On May 2, 2022, the New Jersey State Assembly introduced Assembly Bill (AB) 3715 that, if enacted, would significantly limit the use and enforceability of certain restrictive covenant provisions, while mandating additional procedural requirements. AB 3715 is similar to prior bills introduced in the New Jersey legislature in recent years, and part of the ongoing

In MetroHealth Sys. v. Khandelwal, 2022-Ohio-77, Ohio’s Eighth District Court of Appeals affirmed a trial court’s modification of a noncompete agreement between a hospital and a physician formerly employed by the hospital. Both courts reasoned that modifying the agreement, rather than striking it, protected the hospital’s interest.

The disputed noncompete agreement provided that the

New Jersey may be next up to join the growing number of states that significantly restrict the use of non-competition agreements in employment.  As we discussed back in December 2017, a bill proposed in New Jersey at the time, Senate Bill 3518, would “impose significant restrictions and limitations” on the use of restrictive covenants

Texas courts are increasingly encountering efforts to challenge restrictive covenant agreements on free speech grounds, where the restricted activity includes business-related communications. A recent Texas appellate court decision indicates that this strategy has its limits.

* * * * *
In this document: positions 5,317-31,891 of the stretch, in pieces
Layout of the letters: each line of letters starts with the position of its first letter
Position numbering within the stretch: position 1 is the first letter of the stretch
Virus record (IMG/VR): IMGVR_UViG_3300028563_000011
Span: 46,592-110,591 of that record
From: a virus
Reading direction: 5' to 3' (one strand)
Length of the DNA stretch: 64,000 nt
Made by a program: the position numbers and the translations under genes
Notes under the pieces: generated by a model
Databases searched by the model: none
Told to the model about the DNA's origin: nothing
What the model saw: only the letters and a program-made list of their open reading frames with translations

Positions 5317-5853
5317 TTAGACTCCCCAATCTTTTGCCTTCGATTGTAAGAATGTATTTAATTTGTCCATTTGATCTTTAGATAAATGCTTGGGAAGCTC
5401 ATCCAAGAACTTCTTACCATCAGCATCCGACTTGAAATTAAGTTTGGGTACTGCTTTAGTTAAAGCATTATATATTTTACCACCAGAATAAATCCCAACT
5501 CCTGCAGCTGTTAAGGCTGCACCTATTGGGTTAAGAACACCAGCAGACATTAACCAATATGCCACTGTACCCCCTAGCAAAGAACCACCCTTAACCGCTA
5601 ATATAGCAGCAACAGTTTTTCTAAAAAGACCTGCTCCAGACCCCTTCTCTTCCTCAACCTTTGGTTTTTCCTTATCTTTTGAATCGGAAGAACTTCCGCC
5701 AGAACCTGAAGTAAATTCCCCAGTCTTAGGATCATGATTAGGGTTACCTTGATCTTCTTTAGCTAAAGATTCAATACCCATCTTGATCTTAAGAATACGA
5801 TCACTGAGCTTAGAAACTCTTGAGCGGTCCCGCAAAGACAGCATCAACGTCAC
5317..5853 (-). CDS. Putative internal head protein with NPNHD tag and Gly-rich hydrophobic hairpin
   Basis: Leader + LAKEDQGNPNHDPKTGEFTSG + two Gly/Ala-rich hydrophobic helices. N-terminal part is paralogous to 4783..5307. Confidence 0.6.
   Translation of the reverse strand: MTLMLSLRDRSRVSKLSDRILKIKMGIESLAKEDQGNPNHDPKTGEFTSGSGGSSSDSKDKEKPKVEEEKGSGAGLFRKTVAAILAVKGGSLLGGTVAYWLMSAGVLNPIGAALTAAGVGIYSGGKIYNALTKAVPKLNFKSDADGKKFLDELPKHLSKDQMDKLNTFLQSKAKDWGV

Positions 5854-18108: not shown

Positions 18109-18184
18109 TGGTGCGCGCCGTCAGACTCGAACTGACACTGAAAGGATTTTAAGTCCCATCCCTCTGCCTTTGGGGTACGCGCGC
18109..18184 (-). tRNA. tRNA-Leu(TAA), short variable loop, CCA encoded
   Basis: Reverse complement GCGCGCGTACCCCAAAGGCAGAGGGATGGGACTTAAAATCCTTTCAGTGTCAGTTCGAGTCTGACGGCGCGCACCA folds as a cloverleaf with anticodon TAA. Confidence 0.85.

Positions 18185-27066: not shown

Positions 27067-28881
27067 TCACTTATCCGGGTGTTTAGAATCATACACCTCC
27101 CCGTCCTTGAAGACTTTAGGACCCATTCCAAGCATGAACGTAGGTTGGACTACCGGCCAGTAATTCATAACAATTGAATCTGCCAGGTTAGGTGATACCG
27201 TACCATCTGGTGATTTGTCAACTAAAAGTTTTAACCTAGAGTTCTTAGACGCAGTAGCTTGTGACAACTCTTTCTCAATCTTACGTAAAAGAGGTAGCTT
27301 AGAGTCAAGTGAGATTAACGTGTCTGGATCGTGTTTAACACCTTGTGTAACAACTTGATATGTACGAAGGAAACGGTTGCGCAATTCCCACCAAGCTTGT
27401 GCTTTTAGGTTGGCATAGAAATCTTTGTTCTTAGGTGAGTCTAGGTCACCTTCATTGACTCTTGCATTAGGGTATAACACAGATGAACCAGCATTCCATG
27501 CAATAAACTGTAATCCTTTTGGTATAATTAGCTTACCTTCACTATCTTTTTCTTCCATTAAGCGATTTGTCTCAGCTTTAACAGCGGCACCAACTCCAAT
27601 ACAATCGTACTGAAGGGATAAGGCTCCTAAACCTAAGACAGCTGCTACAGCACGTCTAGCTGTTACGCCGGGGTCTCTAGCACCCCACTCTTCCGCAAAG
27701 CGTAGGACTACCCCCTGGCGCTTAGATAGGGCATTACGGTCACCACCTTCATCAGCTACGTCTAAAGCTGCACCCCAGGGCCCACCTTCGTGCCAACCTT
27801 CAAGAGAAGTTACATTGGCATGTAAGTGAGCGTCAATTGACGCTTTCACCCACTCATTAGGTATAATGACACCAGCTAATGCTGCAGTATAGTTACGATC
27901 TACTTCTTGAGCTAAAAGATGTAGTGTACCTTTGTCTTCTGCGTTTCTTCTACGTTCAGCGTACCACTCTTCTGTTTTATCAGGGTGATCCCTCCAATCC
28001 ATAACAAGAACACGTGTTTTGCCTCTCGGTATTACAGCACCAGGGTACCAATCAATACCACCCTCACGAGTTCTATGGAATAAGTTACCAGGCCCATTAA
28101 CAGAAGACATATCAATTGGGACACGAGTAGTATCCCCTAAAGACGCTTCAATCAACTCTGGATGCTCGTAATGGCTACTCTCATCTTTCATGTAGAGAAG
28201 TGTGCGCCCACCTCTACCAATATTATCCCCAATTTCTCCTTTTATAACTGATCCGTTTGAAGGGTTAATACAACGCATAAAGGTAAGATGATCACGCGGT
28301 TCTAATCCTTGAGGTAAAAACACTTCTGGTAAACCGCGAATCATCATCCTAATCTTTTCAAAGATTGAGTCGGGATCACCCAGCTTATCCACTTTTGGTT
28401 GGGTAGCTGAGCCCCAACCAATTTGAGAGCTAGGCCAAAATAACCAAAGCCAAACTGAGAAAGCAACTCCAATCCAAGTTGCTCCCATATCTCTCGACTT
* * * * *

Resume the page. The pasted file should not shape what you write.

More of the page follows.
In Hieber v. Percheron Holdings, LLC, No. 14-19-00505-CV (Tex. App.—Houston [14th Dist.] Nov. 14, 2019), Percheron Holdings, LLC (“Percheron”)

On November 14, 2019, the U.S. Senate Committee on Small Business and Entrepreneurship held a hearing to examine recently proposed bills that would regulate non-compete agreements at the federal level. Discussion during the hearing indicates that it may have the necessary support to move forward.

Pending Non-Compete Legislation

On October 15, 2019, Senators Chris Murphy

On August 26, 2019, the Delaware Chancery Court invalidated a California employee’s customer and employee non-solicitation covenant on the grounds that it violated California law. In doing so, the Court rejected the plaintiff company’s attempt to override California law by including a Delaware choice of law provision in the underlying agreement.

Background

We initially reported

On May 8, 2019, Washington Governor Jay Inslee signed into law HB 1450, described as “AN ACT Relating to restraints, including noncompetition covenants, on persons engaging in lawful professions, trades, or businesses[.]”  While the Act does not take effect until January 1, 2020, its restrictions apply retroactively to existing agreements signed before that date.

Last year, Democrats in the United States Senate and House of Representatives introduced bills — S.2782  and H.R.5631 — banning non-compete agreements in the vast majority of workplaces across the country. Although those bills failed to gain traction, the authors of this Blog anticipated a renewed effort at federal non-compete reform in 2019, with Democrats

When implementing restrictive covenant agreements in their workforces, companies often grapple with how best to handle the wide variation in the law from one state to the other. One solution is to include a choice of law provision that calls for all agreements to be construed under the laws of a single state. Still, there